family. The options include:

Independent digital current control for each channel with a PWM generator

Linear current control with an 8-bit DAC

Linear current control with an external analogue voltage

Together with the ability to control external MOSFETs, the AS3693B gives the designer the freedom
to set an appropriate maximum current and adapt the output to the needs of a variety of applications, such as:

Multi-pixel advertising boards

Traffic signals

Backlit signage

General illumination

Accent lighting with RGB color-changing capability

Demonstration: LED EXIT sign


Safety EXIT signs powered by LEDs are up to 90% more efficient than traditional incandescent
signs. Operating 24 hours a day, the cost and energy savings to be made by switching to LEDs are
thus very considerable.
LED EXIT signs also offer savings in maintenance and repair, since their re-lamping cycle is typically a very long period of around 10 years. In addition, LED signs can offer better optical performance.
Figure 3 shows how a single AS3693B a 16-channel driver IC with an integrated PWM generator
can be configured to control a time-multiplexed matrix of 60 white LEDs. (An almost identical circuit could also control 3 x 20 RGB LEDs.) The use of such a device in a time-multiplexed architecture offers the system designer considerable bill-of-materials and space savings compared to a
conventional design, which would require four 16-channel driver ICs of the conventional type, which
has no PWM generator. This second, conventional design will occupy a much larger PCB area and
incur a much higher bill-of-materials cost.

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The constant current through each LED is provided by NMOS transistors. Selection of an appropriate NMOS device will provide for high efficiency and high brightness. The maximum current can be
limited by the RSET resistor connected to the source of the external MOSFET in each current sink.

Vpow
FB
Vreg

V2_5

C3

C2
100nF

25
NMOS
RSET

27
26

GND
28
NMOS
RSET

30
29

GND
31
NMOS
RSET

32

37

5
FBG

FBB

REF(Ext)

PWM

Gate13

RFB5

RFB13

CURR_sense6

CURR_sense14

PWM

Gate6

PWM

RFB6

PWM

Gate15

SMPS
feedback

RFB7
CURR_sense8

RFB15
CURR_sense16

86 byte
registers

PWM

Gate8

PWM

Gate16

SPI / I2C
Interface

RFB8

65

CURR_sense15

Fault detectors

PWM

Gate7

Gate14
RFB14

Reference,
DAC

CURR_sense7

GND

GND

33

CURR_sense13

PWM

Gate5

Gate12
RFB12

AS3693B

CURR_sense5

RGS

RFB16

PMOS

36
RGS

35

NPN
RSET

34

GND
PMOS

45
46

RGS

NPN
RSET

47

GND
PMOS

50
RGS

48

NPN
RSET

49

GND
PMOS

53
RGS

51

NPN
RSET

52

GND
PMOS

56
RGS

54

NPN
RSET

55

GND
PMOS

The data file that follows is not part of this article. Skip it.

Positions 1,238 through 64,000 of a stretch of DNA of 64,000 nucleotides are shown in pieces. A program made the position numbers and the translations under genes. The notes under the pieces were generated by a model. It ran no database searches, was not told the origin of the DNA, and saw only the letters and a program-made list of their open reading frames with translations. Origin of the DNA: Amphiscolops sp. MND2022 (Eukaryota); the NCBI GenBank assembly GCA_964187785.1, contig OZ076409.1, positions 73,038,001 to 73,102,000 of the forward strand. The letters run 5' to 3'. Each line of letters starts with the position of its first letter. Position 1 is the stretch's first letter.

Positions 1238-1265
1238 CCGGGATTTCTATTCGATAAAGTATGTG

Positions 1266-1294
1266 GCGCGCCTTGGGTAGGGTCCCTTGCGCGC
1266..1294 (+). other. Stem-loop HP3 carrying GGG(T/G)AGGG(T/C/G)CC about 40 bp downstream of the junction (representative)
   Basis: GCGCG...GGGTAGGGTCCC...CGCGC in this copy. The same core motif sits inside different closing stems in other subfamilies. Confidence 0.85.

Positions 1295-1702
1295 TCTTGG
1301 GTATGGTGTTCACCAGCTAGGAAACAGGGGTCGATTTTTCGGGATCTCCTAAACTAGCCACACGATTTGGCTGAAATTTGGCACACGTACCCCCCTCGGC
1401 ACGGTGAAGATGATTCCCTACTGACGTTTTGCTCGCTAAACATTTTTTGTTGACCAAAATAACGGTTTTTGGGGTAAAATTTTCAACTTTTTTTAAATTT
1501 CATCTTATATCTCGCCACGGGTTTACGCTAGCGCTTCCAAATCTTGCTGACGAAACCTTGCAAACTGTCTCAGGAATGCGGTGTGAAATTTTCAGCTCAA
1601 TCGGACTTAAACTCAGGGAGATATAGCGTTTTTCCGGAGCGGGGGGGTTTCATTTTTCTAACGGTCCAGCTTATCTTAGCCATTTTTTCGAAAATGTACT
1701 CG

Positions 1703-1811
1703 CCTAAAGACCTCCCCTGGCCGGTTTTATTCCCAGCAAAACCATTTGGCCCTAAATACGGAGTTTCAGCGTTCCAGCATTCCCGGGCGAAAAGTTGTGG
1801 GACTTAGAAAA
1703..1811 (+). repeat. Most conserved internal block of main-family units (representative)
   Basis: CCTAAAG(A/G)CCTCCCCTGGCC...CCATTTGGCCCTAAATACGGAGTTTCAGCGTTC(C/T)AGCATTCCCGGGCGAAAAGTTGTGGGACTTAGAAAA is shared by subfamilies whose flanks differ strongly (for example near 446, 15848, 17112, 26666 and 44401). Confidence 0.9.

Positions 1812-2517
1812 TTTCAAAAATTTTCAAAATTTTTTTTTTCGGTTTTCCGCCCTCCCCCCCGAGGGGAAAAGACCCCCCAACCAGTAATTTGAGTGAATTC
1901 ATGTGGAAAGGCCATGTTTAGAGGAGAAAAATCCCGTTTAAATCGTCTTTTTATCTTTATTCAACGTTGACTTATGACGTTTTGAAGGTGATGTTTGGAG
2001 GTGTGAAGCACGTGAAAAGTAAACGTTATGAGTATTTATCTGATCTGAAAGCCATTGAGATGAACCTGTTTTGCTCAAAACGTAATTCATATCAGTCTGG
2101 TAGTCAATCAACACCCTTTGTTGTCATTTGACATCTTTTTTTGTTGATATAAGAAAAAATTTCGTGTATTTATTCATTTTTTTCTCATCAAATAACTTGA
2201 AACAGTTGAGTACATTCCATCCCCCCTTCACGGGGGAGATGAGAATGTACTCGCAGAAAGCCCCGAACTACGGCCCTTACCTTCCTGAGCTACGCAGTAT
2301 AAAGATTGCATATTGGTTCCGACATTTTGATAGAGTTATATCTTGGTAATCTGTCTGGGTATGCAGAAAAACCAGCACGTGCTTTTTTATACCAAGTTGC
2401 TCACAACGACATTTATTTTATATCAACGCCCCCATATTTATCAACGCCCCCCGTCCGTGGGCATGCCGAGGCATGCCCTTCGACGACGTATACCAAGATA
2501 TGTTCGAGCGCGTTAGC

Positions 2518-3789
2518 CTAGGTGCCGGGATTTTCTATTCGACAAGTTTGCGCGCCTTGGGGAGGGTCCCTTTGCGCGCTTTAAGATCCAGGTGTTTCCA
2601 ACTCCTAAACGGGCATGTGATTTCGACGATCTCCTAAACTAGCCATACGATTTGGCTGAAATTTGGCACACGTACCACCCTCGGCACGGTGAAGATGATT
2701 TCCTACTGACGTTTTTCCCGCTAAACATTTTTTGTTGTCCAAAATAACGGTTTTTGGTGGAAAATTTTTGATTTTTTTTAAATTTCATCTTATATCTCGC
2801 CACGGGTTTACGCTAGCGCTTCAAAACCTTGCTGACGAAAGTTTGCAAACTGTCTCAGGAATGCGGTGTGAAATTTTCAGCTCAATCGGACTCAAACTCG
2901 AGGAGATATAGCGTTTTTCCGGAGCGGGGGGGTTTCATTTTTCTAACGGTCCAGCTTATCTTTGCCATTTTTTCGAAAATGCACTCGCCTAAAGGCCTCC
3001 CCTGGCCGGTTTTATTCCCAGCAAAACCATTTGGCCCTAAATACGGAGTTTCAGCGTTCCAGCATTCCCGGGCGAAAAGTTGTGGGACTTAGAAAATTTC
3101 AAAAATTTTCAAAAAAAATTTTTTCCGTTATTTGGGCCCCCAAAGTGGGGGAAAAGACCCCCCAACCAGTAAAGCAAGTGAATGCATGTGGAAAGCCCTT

57
59

NPN
RSET

58

GND

D1

D2

D3

D4

D5

D6

GND

D7

D8

D9

D10

D11

D12

GND

D13

D14

D15

D16

D17

D18

D19

D20

D21

D22

D23

D24

D25

D26

D27

D28

D29

D30

D31

D32

D33

D34

D35

D36

D37

D38

D39

D40

D41

D42

D43

D44

D45

D46

D47

D48

D49

D50

D51

D52

D53

D54

D55

D56

D57

D58

D59

D60

60
NMOS

62

RSET

61
63

NMOS

RSET

64
V2_5

Fault

GND

RFB4

PWM

SDO

23

CURR_sense12

PWM

Gate4

44

RSET

RFB11

CURR_sense4

43

24
NMOS
22

Gate11

RFB3

SDA

GND

PWM

SCL

20

CURR_sense11

PWM

Gate3

CS

19

RFB10

CURR_sense3

42

21
NMOS
RSET

Gate10

RFB2

Hsync

GND

PWM

41

17

CURR_sense10

PWM

Gate2

Vsync

RSET

16

RFB9

CURR_sense2

40

18
NMOS

Gate9

RFB1

39

GND

PWM

38

15

FBR

9
RSET

14

V2_5

Vreg
13
NMOS

AS3693B

CURR_sense9

PWM

Gate1

ADDR1

GND

CURR_sense1

GNDsns

GND

10

GND

12

4
NMOS
RSET

Vled

C4

4.7uF 2.2uF 100nF

GND

ADDR2

GND

11

C1

Rpullup

Fault

GNDGND
RADDR1
RADDR2

Rpullup

Vreg

Rpullup
GNDGND

Rpullup

HSYNC
VSYNC

RVSYNC

SDO

RHSYNC

SDA
SCL

GNDGND

CS

Fig. 3: 60 time-multiplexed white LEDs controlled in a time-multiplexing architecture by a single AS3693B from ams

To reduce power consumption even more the AS3693s current settings can also adapt to the ambient light. During daytime, the application can be dimmed; once the light becomes too dark, the
system can boost the brightness to produce higher visibility and contrast.

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Improving efficiency through intelligent DC-DC conversion


The LEDs may be connected directly to, for example, a 12V power supply, but this will reduce the
designs efficiency as power is dissipated as waste heat in the NMOS transistors. To optimize efficiency for battery-powered equipment, the LEDs can equally be powered from an external DC-DC
converter that can dynamically change its output voltage to match the needs of the LEDs VF.
The AS3693B offers three different paths for feedback, and each LED can be assigned to a specific
LED supply. The operation of such a circuit is shown in Figure 4. The AS1341 is an efficient stepdown converter with adjustable output voltages ranging from 1.25V up to the input voltage (20V
maximum). It senses its output voltage with a resistive voltage divider. This voltage divider can be
modified to set the output voltage between a minimum output voltage (VMIN) and a maximum output voltage (VMAX) which is the basis of the devices dynamic feedback control.

Fig. 4: AS3693B feedback block for adjustable voltage control

The output of pins FBR, FBG and FBB of the AS3693B can be used to control any external power
supply. Each PWM generator in the AS3693B can be independently selected to use any of the
three feedback pins.
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Alternatively, by tying all the feedback pins together as a single feedback from AS3693B, the default
register setting will function as a general feedback to the power supply.
Conclusion
By implementing a time-multiplexing scheme with an LED backlight driver IC and combining this
architecture with an adaptive power supply, the designer of a large LED array can gain impressive
savings in board area, bill-of-materials cost and power consumption. Moreover, this design involves
the use of readily available standard parts that are well supported by relevant documentation and
specifications.
For more information about the ams portfolio of LED drivers, including the AS369x- and AS382xfamilies, visit www.ams.com/eng/Products/Lighting-Management/Large-LCD-Panel-BacklightingLED-Drivers.
For further information
ams AG
Tel: +43 (0) 3136 500
info@ams.com
www.ams.com